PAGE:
That’s my constructive criticism on myself. But you enjoy yourself, this is my first time doing stand-up comedy.
The next show was in Brisbane, just last Thursday. And it was for the RAW Comedy Competition. It was a much less intimate crowd and to really paint the picture for you: it was pretty much just the friends and family of the other contestants, in a room far too big for them.
This time around my nerves were way more in tact and I didn’t get contractions. But they still let me down because I’ve not yet mastered my ability to feel totally relaxed, which ruins my authenticity, delivery, timing and emotional expression. So, you know, just the things you need to be a comedian. I also think I’ll leave out the suicide jokes from now on.
I’ve always wanted to try stand-up comedy and of course I’ve always thought I never would. I’m not quite sure what switched in my mind, but I know it had something to do with the public speaking course I did last year and the feedback I got around that. I’ve managed to form a new perspective around what actually happens (in terms of perception) when someone is standing in front of a crowd.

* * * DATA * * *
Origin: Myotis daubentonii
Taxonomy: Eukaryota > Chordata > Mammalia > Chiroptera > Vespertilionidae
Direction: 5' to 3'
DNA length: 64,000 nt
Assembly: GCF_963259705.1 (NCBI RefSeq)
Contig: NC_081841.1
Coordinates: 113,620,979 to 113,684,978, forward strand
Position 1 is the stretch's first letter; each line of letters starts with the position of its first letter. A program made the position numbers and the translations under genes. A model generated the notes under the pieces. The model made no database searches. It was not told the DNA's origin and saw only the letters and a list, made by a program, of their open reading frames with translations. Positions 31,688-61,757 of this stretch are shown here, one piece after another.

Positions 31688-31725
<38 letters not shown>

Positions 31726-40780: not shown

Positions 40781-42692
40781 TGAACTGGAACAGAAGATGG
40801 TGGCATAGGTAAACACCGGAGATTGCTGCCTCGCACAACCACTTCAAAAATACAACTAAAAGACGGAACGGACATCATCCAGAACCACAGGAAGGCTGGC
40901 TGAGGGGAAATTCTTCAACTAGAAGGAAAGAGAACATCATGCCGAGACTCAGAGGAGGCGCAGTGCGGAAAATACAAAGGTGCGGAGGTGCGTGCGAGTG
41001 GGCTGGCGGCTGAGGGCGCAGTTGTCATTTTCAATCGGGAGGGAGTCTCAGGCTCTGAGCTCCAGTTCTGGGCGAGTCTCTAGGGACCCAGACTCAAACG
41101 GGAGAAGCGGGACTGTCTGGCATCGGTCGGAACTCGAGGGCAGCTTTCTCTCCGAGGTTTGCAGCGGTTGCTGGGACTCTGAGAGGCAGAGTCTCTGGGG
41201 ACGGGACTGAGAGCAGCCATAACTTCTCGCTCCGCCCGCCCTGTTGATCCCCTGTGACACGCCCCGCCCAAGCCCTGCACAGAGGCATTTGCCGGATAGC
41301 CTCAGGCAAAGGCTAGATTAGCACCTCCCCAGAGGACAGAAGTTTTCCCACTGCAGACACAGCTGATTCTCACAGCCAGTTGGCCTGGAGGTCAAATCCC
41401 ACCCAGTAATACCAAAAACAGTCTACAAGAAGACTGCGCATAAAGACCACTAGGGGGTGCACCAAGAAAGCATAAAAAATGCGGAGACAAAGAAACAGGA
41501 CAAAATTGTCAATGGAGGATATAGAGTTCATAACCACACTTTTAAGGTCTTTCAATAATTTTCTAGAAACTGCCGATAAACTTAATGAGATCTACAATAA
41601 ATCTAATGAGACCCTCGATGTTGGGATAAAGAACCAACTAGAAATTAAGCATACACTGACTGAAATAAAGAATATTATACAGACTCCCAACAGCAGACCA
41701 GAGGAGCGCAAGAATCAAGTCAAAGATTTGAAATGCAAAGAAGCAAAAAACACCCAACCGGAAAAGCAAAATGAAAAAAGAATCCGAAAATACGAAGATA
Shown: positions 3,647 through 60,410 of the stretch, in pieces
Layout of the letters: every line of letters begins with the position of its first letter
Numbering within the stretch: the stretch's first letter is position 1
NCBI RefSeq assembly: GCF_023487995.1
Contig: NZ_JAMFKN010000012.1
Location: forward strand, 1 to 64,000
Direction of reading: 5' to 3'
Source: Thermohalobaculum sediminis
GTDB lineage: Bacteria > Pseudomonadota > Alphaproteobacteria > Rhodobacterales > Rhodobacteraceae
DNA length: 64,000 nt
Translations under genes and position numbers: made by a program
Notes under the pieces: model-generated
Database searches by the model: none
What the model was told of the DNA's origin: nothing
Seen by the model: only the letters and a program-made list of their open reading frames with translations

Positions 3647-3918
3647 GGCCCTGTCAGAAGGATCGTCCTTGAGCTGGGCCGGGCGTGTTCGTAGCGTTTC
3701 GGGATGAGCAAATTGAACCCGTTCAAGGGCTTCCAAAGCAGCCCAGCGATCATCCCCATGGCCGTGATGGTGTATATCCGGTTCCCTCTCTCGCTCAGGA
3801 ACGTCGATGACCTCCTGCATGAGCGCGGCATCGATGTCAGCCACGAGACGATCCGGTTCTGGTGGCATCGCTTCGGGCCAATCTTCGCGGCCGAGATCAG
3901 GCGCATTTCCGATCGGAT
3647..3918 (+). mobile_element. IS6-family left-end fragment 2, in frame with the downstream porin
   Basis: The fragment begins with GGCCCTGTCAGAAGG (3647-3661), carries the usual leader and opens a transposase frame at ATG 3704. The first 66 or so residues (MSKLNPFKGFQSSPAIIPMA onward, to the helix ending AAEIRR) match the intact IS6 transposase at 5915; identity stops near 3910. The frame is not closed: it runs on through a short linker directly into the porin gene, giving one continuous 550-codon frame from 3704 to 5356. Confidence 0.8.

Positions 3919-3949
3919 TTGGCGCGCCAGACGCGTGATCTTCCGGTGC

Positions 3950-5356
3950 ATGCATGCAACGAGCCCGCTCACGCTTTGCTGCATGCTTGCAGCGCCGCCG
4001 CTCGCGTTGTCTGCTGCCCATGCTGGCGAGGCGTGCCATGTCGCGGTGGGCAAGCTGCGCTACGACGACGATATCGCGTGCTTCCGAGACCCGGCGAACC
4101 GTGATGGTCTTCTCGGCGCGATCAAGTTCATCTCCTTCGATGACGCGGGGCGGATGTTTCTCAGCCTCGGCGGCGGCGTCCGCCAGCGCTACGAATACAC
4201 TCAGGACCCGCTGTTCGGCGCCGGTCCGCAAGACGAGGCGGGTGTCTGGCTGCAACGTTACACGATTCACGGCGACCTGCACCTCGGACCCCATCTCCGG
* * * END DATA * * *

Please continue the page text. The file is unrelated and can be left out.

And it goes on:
It will be continually focussing on the following factors (which all kind of tie into each other really) that will continue to get me up on stage. So if you’re interested in trying out first time stand-up comedy too, by golly I hope this helps you out.
Accept that no one is ever going to be liked by everyone
There are loads of successful comedians that don’t make me feel like I want to be their friend. I find them too crass, or too arrogant, or too boring. But that’s my perception and they’re out there making comedic career cheddar because other people see them in a totally different light to me. All our brains are made up of different unconscious biases that determine what will resonate with us. So at the end of the day – just like with making friends – it’s about personality and preference, which leads me to my next point.